I participate in a Yahoo! Group called “RiskList.” This email discussion group consists of insurance and risk management professionals from around the world and is an excellent source of information about technical, real world insurance and risk management issues.
Today, one of the participants posted about an Interesting startup called “Bought by Many” where prospective insureds can be grouped to buy insurance, including some existing products and not yet available but that could be made available by group demand. This is an interesting idea, but what are the advantages of actually placing coverage through a facility like this?
That’s hard to determine since their web site focuses on price savings, just like the vast majority of industry advertising we see from lizards and discount store clerks. Their web site says “18.6% Average Discount.” Average discount on what? Apparently the coverage provided by alternatives to their products makes no difference. The only distinguishing feature they focus on is price. Price for what?
When my son moved into an apartment, the property management company required renters insurance and they had a relationship with a vendor that could provide it. You could read the policy online. No endorsements. Limited named perils. Minimal additional coverages. $50,000 liability limit. Overpriced junk. For an extra $80, I could get him a good HO-4 from a decent company. For an extra $120, I could get him a premium policy. He went with that AND a personal umbrella policy. I told him if he was ever short in paying for this superior coverage, I’d pay it, but he was going to protect his assets and income stream AND, even more important, he was going to protect innocent members of the public from his possible negligence.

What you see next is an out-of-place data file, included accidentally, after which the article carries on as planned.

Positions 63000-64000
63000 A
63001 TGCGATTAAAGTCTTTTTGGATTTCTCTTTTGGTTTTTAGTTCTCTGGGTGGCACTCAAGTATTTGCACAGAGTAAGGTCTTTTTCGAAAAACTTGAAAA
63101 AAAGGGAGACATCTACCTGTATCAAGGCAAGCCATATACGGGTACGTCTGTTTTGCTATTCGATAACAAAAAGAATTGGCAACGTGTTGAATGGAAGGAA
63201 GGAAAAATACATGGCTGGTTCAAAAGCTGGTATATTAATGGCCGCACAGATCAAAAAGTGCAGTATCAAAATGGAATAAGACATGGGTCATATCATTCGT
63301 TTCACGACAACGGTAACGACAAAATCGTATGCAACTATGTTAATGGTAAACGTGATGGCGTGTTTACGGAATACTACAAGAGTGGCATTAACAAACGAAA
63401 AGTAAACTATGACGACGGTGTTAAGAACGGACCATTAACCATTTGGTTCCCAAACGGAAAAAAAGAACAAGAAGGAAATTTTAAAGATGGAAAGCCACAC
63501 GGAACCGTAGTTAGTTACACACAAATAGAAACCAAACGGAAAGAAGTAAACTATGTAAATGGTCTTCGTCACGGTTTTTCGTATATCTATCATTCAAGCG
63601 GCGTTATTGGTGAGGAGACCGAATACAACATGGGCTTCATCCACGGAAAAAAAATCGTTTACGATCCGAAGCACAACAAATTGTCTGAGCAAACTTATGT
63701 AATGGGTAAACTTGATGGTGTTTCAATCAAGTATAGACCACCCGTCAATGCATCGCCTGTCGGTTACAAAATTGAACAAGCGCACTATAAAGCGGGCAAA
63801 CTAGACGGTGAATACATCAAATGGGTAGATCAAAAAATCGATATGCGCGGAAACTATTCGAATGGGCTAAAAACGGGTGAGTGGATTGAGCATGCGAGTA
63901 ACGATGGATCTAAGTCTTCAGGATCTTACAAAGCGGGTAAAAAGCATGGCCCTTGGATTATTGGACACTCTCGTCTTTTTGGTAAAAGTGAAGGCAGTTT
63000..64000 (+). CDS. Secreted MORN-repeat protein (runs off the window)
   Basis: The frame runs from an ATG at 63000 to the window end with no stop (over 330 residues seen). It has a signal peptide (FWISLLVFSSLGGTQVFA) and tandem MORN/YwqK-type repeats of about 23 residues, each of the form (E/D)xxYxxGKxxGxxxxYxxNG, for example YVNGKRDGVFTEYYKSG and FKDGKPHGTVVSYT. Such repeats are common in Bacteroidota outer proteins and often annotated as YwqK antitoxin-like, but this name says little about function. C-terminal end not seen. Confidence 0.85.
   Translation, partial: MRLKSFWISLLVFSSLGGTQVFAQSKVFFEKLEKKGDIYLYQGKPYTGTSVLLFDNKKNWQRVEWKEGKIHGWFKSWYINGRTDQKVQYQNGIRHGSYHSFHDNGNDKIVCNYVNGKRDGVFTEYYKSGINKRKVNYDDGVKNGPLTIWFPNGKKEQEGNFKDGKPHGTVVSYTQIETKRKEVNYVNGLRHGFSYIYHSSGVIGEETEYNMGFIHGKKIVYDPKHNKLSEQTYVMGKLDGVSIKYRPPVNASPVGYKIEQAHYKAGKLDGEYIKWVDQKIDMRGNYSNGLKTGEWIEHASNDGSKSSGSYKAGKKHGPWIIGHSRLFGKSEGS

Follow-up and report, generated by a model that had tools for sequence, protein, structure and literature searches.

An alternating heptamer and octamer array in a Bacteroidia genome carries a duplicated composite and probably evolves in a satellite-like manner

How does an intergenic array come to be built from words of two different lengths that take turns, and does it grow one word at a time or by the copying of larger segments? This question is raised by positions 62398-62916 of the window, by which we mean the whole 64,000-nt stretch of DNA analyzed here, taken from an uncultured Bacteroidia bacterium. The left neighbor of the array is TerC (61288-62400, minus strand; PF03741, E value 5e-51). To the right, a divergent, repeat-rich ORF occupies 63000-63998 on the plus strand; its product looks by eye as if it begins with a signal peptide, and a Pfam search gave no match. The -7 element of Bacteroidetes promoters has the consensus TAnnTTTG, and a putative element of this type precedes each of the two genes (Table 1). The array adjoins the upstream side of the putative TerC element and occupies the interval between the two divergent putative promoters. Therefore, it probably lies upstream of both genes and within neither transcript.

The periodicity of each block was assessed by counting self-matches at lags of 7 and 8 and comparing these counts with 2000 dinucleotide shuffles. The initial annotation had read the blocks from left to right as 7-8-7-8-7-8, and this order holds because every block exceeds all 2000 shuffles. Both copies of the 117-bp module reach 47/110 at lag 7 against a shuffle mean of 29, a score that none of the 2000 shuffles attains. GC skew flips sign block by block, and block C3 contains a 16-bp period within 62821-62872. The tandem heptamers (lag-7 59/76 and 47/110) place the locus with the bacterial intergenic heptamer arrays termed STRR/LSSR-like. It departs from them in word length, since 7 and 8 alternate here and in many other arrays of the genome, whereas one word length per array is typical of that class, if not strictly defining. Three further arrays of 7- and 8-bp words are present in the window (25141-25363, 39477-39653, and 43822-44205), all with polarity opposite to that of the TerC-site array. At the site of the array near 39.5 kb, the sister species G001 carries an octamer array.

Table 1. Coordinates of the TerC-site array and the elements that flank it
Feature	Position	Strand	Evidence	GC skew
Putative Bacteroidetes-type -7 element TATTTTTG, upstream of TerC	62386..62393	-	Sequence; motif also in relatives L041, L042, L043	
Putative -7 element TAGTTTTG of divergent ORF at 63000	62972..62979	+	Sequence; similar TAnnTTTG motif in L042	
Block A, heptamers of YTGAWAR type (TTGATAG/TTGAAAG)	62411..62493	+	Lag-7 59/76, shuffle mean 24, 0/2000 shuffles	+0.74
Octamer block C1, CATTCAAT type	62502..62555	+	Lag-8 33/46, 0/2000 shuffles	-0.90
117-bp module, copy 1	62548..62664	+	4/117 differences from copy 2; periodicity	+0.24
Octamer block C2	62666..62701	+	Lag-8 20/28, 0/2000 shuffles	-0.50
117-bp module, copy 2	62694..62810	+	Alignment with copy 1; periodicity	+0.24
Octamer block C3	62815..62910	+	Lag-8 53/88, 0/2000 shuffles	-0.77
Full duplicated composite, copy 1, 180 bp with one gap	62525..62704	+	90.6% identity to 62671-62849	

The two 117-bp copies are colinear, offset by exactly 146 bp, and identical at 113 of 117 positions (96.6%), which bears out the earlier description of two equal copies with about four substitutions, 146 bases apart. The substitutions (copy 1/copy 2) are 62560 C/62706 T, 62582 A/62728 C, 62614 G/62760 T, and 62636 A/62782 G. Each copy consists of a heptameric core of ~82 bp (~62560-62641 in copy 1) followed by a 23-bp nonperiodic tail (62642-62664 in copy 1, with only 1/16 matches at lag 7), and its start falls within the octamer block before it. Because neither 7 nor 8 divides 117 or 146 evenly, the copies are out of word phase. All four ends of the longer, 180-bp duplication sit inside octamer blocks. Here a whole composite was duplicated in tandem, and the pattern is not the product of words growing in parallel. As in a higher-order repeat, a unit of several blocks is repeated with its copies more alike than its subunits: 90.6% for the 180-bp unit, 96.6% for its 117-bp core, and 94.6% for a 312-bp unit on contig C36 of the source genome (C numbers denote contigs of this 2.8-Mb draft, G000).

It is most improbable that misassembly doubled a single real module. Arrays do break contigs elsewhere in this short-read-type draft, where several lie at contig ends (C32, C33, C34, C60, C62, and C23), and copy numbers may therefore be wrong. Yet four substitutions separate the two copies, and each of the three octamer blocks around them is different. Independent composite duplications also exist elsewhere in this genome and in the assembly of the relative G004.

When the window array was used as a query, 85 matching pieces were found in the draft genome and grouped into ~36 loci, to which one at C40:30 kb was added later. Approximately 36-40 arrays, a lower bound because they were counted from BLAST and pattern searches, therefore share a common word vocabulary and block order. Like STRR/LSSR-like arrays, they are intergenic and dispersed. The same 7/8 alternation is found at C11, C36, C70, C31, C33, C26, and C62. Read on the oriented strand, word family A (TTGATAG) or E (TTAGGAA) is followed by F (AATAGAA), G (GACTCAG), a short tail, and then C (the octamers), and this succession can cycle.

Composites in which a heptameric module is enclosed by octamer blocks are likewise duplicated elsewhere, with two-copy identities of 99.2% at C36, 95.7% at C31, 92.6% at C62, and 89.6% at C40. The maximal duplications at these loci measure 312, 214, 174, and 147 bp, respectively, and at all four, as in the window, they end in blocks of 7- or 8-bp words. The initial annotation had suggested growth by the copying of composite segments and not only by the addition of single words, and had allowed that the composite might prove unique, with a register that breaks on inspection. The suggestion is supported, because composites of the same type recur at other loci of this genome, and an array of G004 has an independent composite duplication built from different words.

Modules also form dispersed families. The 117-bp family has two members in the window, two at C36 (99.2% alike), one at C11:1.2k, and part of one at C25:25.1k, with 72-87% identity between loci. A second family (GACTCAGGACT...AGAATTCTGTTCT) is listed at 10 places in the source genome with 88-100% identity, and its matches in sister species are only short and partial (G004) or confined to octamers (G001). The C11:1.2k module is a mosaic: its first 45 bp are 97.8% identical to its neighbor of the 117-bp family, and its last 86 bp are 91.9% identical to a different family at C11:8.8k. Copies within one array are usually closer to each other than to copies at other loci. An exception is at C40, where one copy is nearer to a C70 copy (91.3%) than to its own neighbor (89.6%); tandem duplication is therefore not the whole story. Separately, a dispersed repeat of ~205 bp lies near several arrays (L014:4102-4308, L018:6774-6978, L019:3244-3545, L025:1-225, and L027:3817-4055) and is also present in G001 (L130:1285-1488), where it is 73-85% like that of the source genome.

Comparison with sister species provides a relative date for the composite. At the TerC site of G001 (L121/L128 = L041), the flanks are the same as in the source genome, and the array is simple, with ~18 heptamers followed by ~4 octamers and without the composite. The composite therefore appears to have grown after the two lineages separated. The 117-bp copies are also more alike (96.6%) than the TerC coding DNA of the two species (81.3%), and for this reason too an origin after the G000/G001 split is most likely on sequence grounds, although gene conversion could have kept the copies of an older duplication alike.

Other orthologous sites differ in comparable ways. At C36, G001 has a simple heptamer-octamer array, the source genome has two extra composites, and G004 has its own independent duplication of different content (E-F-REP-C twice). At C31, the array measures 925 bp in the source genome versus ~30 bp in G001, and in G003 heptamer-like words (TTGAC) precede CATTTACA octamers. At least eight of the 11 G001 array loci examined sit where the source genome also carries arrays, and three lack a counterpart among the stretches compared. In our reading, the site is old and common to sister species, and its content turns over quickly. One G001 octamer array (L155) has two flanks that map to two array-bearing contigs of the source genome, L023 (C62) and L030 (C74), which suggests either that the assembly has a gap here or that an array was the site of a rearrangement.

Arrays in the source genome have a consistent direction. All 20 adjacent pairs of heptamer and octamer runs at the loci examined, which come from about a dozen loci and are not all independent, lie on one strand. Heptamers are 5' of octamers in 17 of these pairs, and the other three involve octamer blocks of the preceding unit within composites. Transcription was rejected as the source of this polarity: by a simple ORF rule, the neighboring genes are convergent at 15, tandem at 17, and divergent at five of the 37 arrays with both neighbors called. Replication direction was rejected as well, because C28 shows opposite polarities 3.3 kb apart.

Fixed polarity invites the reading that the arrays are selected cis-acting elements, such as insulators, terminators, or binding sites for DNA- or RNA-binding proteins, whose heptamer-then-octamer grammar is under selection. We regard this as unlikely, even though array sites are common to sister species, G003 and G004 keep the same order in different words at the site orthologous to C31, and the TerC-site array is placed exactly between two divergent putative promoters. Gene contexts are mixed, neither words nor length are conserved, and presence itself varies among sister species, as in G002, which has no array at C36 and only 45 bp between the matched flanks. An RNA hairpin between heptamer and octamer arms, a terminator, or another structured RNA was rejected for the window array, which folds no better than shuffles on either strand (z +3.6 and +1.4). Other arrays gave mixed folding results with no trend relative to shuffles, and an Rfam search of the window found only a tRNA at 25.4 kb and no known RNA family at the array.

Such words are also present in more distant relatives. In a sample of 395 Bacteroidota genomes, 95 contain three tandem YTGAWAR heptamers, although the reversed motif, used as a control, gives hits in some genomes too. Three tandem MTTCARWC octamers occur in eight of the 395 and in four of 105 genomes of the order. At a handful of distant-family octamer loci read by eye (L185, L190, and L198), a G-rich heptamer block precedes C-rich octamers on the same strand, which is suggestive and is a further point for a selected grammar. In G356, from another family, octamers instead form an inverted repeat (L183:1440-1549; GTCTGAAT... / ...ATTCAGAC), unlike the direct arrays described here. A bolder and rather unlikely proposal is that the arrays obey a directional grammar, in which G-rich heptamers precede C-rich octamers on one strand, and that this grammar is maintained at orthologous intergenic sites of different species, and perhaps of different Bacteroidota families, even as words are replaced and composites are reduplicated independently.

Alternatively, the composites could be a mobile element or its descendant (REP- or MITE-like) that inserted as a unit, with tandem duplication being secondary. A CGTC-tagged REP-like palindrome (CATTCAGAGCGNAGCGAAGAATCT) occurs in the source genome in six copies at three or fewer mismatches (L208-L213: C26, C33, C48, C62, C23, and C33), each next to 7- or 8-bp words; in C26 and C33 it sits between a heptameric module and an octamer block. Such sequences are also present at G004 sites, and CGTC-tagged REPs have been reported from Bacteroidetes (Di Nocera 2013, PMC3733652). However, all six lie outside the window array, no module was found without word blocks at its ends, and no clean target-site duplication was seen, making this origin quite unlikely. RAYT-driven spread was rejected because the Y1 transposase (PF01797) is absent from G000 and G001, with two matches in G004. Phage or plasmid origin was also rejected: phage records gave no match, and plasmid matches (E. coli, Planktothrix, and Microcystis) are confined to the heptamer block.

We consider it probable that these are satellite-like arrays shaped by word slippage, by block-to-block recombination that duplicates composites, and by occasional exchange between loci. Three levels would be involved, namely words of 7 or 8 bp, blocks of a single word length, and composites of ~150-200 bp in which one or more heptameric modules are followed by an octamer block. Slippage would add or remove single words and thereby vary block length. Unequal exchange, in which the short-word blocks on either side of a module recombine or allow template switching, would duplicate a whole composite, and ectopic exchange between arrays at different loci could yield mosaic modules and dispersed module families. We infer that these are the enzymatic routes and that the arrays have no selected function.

These start-up “disrupters” are becoming a dime a dozen. What many of them may be best at is PR hype and hyperbole and conning ignorant venture capitalists into investing into gimmicks. “Disrupting” is what they claim to be doing. Sounds revolutionary. Gets attention. It’s sexy. Gets venture capital as if it’s something entirely new. It gets insurance media writing about it because the writer often knows very little about the insurance industry, has almost zero historical perspective, and it makes their job easy by reproducing press releases without asking hard questions and challenging assertions.
Reminds me of a quote:
“We must treat ideas somewhat as if they were baby fish. Throw thousands out into the water. Only a handful will survive, but that is plenty.” — Anne Heywood
Every now and then this growing “disrupter” pool produces a big fish like Uber and Airbnb, but my guess is that the vast majority will become extinct as the existing predators devour them.
As always, I encourage insurance professionals to educate their customers and prospects that insurance is not a commodity distinguishable only by price.
Latest posts by Bill Wilson (see all)
- Property Undervaluation - May 2, 2022
- In Claim Disputes, Disregard Case Law At Your Own Risk - April 26, 2022
- What is the Best Insurance Sales Channel, Direct or Agent-Assisted? - April 25, 2022